Description [src]

abstract class Gdk.FrameClock : GObject.Object
  /* No available fields */

A GdkFrameClock tells the application when to update and repaint a window. This may be synced to the vertical refresh rate of the monitor, for example. Even when the frame clock uses a simple timer rather than a hardware-based vertical sync, the frame clock helps because it ensures everything paints at the same time (reducing the total number of frames). The frame clock can also automatically stop painting when it knows the frames will not be visible, or scale back animation framerates.

GdkFrameClock is designed to be compatible with an OpenGL-based implementation or with mozRequestAnimationFrame in Firefox, for example.

A frame clock is idle until someone requests a frame with gdk_frame_clock_request_phase(). At some later point that makes sense for the synchronization being implemented, the clock will process a frame and emit signals for each phase that has been requested. (See the signals of the GdkFrameClock class for documentation of the phases. GDK_FRAME_CLOCK_PHASE_UPDATE and the GdkFrameClock::update signal are most interesting for application writers, and are used to update the animations, using the frame time given by gdk_frame_clock_get_frame_time().

The frame time is reported in microseconds and generally in the same timescale as g_get_monotonic_time(), however, it is not the same as g_get_monotonic_time(). The frame time does not advance during the time a frame is being painted, and outside of a frame, an attempt is made so that all calls to gdk_frame_clock_get_frame_time() that are called at a “similar” time get the same value. This means that if different animations are timed by looking at the difference in time between an initial value from gdk_frame_clock_get_frame_time() and the value inside the GdkFrameClock::update signal of the clock, they will stay exactly synchronized.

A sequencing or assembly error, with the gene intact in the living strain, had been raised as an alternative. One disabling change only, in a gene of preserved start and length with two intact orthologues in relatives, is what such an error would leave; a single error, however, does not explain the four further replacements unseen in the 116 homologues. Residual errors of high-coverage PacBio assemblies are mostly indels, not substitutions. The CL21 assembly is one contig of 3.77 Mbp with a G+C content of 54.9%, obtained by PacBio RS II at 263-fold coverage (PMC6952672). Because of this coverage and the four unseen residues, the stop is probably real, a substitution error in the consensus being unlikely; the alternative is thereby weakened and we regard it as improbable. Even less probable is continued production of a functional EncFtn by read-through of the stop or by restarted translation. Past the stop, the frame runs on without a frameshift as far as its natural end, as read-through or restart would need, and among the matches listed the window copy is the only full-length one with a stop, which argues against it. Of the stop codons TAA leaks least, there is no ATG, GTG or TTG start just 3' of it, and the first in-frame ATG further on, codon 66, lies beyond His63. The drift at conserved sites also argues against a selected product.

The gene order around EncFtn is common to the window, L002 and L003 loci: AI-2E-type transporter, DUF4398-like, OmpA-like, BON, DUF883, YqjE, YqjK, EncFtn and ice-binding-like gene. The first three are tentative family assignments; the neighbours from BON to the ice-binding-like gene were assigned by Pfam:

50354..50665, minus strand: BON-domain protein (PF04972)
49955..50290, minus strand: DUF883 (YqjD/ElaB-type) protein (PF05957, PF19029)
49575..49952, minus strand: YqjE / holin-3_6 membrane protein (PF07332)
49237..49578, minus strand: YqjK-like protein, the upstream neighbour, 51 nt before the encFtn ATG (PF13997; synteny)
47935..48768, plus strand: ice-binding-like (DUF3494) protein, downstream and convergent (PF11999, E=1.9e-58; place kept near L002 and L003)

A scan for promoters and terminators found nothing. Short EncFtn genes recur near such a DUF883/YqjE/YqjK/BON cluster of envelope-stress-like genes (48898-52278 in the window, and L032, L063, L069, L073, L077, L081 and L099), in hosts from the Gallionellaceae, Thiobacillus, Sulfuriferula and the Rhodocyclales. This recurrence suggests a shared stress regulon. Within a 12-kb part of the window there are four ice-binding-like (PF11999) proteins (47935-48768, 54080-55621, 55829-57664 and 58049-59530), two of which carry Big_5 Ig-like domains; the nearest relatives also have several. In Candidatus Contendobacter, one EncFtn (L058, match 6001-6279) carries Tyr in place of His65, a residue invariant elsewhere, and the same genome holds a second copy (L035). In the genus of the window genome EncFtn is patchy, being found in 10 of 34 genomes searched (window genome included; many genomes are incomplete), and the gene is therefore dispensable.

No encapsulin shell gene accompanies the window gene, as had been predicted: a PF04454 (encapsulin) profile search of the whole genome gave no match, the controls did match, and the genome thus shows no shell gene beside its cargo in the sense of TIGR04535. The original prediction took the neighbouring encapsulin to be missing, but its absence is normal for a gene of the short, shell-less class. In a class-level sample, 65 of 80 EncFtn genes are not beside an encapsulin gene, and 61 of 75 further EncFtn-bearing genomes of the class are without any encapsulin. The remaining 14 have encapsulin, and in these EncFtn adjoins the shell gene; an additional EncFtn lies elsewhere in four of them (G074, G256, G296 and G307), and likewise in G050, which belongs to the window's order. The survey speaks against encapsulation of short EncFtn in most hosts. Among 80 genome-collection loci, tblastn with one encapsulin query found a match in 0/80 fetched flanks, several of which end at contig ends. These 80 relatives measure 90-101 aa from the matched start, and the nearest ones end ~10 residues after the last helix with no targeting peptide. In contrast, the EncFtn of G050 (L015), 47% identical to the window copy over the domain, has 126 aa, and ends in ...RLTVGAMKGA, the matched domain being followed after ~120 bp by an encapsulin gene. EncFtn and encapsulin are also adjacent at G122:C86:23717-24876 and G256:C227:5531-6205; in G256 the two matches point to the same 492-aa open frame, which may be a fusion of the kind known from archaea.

hierarchy this GdkFrameClock ancestor_0 GObject ancestor_0--this


Instance methods


Starts updates for an animation. Until a matching call to gdk_frame_clock_end_updating() is made, the frame clock will continually request a new frame with the GDK_FRAME_CLOCK_PHASE_UPDATE phase. This function may be called multiple times and frames will be requested until gdk_frame_clock_end_updating() is called the same number of times.

since: 3.8


Stops updates for an animation. See the documentation for gdk_frame_clock_begin_updating().

since: 3.8


Gets the frame timings for the current frame.

since: 3.8


A GdkFrameClock maintains a 64-bit counter that increments for each frame drawn.

since: 3.8


Gets the time that should currently be used for animations. Inside the processing of a frame, it’s the time used to compute the animation position of everything in a frame. Outside of a frame, it’s the time of the conceptual “previous frame,” which may be either the actual previous frame time, or if that’s too old, an updated time.

since: 3.8